Some coastal or island locations are so windy that people will bring ski goggles for when they walk outside in the winter.
- ? Optional: Ski goggles
Depending on where your assignment will be in Alaska, we’d recommend packing bear spray, as well. You can confirm with your WMS account executive to see if bears are native to the location where you’ll be on assignment.
- ? Bear spray
Professional Attire for Your Alaska List
When you are at work, dress codes vary but tend to be business casual. Scrubs are acceptable, but not often worn in remote areas of Alaska. In many locations, jeans or khakis are appropriate. Many types of hiking pants are available in a “dressier/khaki” look, as well, so your mid-layer pants may prove to be useful to wear as your professional attire. Some providers keep their clothing casual and pair it with a lab coat.
Prioritize practicality and comfort when you pack for work. If you are unsure, feel free to ask the account executive who helped place you in the assignment.
- ? 3-4 pairs of scrubs or dress clothes (based on facility requirements)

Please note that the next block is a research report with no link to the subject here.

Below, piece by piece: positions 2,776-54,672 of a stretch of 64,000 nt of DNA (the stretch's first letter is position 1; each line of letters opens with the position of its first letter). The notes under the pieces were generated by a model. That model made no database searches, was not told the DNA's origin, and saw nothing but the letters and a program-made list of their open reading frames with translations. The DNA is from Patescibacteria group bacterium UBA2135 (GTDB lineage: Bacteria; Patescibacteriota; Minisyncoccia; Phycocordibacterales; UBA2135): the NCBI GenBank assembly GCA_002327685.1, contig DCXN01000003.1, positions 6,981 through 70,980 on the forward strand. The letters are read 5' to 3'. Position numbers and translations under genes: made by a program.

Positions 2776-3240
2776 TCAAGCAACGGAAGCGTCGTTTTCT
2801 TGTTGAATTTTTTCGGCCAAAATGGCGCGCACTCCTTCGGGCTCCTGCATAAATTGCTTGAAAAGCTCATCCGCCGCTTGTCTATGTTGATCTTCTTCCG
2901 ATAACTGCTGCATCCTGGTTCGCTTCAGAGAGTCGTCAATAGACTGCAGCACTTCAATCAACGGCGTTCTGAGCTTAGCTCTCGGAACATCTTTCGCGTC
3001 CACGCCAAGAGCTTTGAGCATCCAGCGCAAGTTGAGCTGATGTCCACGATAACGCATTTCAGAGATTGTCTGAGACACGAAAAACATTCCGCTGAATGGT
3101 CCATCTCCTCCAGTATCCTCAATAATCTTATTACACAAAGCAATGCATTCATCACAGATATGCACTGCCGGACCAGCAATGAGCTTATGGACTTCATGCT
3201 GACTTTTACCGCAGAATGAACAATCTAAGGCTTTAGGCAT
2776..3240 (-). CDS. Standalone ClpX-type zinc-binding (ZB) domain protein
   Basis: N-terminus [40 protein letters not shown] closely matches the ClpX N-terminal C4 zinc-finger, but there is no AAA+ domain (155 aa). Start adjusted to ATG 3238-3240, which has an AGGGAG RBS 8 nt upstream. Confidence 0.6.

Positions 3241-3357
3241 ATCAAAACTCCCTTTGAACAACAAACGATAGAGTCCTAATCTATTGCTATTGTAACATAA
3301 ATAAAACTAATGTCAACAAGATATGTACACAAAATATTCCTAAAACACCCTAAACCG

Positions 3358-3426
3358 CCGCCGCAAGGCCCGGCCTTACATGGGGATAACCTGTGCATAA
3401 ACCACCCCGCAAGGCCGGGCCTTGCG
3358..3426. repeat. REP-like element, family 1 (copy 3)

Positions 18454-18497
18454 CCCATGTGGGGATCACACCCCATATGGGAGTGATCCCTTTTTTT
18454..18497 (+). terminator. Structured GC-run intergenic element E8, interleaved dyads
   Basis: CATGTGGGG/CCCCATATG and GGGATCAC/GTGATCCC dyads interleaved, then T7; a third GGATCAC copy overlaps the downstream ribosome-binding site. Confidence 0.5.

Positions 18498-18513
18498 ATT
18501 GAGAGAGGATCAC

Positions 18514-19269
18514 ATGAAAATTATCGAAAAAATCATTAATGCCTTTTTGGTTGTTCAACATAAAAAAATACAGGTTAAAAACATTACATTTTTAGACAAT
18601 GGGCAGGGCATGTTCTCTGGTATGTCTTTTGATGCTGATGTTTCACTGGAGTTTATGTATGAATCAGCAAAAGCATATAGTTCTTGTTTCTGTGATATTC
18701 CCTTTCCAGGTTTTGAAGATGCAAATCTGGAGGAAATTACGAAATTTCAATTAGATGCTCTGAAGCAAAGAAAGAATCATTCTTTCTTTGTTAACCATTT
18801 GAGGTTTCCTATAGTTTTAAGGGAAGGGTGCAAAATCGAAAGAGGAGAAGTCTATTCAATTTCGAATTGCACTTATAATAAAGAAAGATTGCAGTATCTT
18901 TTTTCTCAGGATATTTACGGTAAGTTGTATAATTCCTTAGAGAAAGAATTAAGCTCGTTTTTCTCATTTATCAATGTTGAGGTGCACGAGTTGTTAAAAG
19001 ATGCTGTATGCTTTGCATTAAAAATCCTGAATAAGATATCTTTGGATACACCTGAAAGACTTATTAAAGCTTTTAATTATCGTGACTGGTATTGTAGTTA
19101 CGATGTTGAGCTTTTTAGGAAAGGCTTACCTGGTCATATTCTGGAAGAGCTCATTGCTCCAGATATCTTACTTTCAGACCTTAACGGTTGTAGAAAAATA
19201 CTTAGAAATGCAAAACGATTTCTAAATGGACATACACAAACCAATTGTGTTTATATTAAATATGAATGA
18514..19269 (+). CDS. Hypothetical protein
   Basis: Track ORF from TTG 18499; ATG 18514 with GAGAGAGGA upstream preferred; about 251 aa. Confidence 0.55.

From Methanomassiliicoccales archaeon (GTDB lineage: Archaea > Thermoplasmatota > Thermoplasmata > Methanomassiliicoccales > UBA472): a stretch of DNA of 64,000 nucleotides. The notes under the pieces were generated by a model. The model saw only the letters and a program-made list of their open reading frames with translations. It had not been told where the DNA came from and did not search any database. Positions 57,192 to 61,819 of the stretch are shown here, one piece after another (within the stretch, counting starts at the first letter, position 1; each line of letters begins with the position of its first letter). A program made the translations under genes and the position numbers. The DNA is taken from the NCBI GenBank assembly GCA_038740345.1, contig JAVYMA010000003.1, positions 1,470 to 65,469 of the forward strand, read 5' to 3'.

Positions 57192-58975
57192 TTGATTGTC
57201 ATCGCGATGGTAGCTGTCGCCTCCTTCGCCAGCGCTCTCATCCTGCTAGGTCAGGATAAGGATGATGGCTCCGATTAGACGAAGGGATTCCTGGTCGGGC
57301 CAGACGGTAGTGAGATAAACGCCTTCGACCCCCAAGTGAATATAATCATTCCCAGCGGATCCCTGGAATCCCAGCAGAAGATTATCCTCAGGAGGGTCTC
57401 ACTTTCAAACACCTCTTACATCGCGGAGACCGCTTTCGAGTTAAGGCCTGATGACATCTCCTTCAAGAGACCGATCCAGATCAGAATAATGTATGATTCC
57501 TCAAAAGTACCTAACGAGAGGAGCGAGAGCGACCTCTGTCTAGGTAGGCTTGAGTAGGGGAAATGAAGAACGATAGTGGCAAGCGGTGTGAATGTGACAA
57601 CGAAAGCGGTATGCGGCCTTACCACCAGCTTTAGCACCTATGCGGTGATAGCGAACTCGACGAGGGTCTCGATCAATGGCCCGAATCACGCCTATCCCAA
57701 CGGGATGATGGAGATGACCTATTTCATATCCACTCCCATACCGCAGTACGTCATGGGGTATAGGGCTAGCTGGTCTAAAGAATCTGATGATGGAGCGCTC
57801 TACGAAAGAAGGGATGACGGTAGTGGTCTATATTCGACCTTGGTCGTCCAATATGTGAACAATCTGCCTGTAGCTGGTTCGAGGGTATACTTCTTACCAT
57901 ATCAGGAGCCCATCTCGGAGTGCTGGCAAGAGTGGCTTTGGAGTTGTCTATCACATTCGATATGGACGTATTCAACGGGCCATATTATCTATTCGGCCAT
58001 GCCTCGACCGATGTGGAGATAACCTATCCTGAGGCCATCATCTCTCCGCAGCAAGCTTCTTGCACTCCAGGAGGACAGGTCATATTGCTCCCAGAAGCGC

? Lab coat optional unless the facility requires it
Technology Considerations When Packing for Alaska
If you are working anywhere in Alaska outside the major cities (Anchorage, Fairbanks, Juneau, and Sitka), likely, your cell phone will not have service. Major cell service providers do not have good service in remote Alaska.
The best cell coverage by far is provided by GCI, a small cell provider based out of Alaska. If you must take a bush plane, ferry, or helicopter to get to your destination, it is a good sign you might want a GCI phone. You can purchase a GCI phone here and find a GCI location here. Feel free to ask your account executive for more information.